The question: My boss is incredibly skinny – I think she has an eating disorder (she only has one or two bites at any lunch that I’ve seen). Is it wildly inappropriate for me to ask her about that? I’m worried about her.
The answer: Lower than average body weight (less than 85 per cent of one’s expected body weight based on their sex and height) and significant restriction of food intake are two hallmarks of anorexia nervosa, a rare but serious eating disorder. In addition, individuals have an intense fear of weight gain. They may excessively exercise and may misuse laxatives, diuretics or enemas. There may occasionally be elements of binge-eating or purging.
Food restriction can also be associated with bulimia nervosa, which has the hallmark features of recurrent binge-eating behaviours (i.e., eating a markedly high quantity of food during discrete periods of time, with an associated lack of control during the binge) as well as purging behaviours to prevent weight gain (self-induced vomiting, excessive exercise or use of diuretics, laxatives or enemas may occur).
Keep in mind that being skinny and eating small quantities of food for lunch may or may not indicate that your boss has an eating disorder. She may have a small build, have health issues that explain her low weight or be eating larger quantities of food at other times.
That being said, you may still feel concerned. Your question then of how – if at all – to approach this with your boss is a difficult one. The fact that she is your boss makes this much more complicated than if she were a friend or a family member.
You need to remain mindful of a number of issues. What type of relationship do the two of you have? Your concern makes me think that you may have some level of friendship or closeness with her that is beyond a formal employer/employee relationship. What is your guess about how she might react to you bringing this up? Would you be placing your position in jeopardy if you were to overstep what in some situations may be very clear workplace boundaries?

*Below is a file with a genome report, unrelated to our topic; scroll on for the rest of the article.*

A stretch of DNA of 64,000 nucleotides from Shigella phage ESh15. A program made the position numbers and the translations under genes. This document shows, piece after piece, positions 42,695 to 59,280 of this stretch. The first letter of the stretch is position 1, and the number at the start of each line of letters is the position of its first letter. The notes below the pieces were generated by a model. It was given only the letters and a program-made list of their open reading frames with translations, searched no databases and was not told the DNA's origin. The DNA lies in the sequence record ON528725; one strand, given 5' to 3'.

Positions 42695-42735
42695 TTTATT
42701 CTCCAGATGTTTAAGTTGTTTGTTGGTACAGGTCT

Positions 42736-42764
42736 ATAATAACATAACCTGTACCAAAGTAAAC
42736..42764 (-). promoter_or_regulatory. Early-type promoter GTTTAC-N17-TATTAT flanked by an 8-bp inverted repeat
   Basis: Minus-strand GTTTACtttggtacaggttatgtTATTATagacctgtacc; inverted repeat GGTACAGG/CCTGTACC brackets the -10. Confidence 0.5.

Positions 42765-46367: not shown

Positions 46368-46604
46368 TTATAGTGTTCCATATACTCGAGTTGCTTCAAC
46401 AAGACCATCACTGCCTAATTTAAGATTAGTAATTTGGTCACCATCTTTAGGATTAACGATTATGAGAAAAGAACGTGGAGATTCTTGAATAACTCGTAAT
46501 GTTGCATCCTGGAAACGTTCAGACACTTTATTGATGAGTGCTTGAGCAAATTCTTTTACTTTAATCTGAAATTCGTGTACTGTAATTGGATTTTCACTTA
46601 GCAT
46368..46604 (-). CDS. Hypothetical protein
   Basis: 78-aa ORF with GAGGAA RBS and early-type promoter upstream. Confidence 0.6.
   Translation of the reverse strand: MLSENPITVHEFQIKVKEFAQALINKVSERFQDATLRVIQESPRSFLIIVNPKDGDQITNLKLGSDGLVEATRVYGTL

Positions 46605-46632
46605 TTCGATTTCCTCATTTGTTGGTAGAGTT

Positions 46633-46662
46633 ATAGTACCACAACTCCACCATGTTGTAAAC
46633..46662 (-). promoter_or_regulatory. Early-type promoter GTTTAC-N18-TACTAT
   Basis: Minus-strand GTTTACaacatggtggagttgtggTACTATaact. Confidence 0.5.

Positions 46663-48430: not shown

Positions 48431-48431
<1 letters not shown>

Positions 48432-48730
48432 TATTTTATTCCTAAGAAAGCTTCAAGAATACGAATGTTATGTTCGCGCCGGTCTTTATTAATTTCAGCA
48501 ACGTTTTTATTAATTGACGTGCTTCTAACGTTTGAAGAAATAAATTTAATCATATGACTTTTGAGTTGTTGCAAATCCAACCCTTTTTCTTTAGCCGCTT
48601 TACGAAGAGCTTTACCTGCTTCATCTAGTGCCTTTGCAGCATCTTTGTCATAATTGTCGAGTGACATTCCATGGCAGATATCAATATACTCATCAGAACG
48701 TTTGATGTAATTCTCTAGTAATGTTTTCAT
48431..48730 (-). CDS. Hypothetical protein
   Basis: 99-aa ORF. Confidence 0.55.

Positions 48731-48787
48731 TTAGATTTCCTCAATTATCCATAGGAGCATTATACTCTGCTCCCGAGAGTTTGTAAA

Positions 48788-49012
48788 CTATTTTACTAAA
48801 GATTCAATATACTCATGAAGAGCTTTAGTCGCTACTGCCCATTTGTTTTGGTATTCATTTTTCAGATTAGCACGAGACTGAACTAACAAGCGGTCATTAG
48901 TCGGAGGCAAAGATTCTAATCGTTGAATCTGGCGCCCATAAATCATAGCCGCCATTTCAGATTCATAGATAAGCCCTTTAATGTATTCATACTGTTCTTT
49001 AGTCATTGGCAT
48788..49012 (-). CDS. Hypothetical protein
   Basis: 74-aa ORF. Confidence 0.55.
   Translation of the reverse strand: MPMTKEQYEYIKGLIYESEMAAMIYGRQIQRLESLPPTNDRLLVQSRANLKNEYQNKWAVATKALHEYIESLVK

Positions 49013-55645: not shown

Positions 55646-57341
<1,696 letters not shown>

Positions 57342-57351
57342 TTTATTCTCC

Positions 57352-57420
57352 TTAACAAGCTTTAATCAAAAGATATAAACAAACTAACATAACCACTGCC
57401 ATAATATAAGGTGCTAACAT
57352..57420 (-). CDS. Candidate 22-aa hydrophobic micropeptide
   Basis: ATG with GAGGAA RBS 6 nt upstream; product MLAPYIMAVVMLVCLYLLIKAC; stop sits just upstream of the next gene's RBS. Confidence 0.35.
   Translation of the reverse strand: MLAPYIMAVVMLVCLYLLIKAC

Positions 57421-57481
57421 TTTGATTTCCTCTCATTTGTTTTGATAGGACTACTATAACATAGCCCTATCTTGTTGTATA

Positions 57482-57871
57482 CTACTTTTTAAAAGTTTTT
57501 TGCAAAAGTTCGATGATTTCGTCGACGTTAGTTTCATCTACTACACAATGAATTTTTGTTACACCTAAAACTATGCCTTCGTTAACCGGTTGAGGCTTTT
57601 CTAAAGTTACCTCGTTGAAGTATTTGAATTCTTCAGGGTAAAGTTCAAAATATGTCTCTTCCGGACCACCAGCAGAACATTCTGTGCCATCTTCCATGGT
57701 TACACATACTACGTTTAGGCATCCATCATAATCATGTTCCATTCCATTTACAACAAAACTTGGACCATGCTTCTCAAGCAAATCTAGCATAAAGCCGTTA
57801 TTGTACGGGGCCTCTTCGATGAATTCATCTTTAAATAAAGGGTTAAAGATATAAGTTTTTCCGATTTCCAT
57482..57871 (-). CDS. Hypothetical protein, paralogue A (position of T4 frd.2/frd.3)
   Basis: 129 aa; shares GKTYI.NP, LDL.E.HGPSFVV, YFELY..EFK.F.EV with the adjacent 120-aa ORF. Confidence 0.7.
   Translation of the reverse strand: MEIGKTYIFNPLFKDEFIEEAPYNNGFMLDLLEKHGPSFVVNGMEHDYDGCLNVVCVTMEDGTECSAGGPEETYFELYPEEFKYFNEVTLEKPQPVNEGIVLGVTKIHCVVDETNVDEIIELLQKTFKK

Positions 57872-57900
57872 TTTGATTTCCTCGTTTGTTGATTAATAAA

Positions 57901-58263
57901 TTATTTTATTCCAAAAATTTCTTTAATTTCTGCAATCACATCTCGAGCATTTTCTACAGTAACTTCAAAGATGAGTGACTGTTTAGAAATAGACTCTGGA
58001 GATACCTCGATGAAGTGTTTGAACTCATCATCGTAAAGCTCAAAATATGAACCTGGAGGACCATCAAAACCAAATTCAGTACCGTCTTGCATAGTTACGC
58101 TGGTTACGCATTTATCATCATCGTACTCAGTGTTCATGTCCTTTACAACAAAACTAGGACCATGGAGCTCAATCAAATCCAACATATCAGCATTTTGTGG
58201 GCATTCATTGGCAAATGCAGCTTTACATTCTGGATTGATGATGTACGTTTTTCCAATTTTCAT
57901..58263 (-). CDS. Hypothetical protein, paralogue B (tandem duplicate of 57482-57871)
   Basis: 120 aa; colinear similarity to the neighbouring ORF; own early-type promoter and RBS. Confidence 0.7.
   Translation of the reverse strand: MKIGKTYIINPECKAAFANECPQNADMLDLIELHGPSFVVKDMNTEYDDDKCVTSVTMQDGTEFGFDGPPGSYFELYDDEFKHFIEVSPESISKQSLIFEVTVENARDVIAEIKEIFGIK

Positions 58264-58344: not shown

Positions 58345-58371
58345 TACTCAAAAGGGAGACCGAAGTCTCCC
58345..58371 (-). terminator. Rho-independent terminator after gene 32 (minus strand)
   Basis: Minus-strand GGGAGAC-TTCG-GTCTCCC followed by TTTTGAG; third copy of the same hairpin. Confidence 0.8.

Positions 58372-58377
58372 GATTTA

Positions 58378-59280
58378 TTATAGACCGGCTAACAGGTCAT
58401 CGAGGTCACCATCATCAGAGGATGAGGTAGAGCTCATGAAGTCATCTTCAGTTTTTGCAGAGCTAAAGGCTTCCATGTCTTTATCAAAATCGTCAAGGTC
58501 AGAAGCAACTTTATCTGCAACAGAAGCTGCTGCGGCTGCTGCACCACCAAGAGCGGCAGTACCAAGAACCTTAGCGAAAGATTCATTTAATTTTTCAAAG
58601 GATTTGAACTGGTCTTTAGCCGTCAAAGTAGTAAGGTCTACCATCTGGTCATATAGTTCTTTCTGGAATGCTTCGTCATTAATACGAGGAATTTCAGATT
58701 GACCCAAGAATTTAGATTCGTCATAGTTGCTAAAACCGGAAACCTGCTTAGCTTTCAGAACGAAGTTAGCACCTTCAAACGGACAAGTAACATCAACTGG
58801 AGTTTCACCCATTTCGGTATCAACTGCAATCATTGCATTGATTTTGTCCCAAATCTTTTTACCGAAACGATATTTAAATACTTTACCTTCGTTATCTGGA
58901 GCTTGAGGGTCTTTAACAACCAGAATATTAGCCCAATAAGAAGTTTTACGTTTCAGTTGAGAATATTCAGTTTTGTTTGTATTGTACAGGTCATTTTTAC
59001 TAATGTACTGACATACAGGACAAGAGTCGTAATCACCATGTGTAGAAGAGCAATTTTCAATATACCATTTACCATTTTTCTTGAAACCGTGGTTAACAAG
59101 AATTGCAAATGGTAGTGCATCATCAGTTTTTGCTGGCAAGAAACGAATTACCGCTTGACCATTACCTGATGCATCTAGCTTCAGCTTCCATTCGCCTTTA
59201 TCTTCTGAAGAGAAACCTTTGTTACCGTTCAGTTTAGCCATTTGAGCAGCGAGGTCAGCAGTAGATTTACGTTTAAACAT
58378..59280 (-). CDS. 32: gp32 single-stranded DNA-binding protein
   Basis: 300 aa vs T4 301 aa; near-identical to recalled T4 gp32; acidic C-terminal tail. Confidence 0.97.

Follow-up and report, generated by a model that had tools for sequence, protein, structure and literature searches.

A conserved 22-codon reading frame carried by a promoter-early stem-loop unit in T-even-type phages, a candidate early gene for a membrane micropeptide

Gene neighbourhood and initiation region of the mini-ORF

Given your worries, you may want to consider very gently and respectfully expressing them to her. Keep in mind that she may feel not at all comfortable having this discussion with you because you are her employee, which is perfectly understandable and acceptable.
If you do decide to approach her, make sure that you have some dedicated time to speak, that you are in a private location away from other employees and that it is not at the beginning or in the middle of a busy work day.
Be very honest. State that you have felt nervous or unsure about how to approach this conversation and that you respect her privacy, but that you care about her and are concerned. Be specific, but qualify this by acknowledging that you may be way off base. Indicate that you notice she has lost weight (if this is accurate) and that she eats very small quantities of food. Ask her if there is anything you can do that could be of assistance, and if so what would be helpful. If she does not want to have this conversation, respect her wish and apologize for overstepping any boundaries.
Send psychologist Joti Samra your questions at firstname.lastname@example.org. She will answer select questions, which could appear in The Globe and Mail and/or on The Globe and Mail web site. Your name will not be published if your question is chosen.
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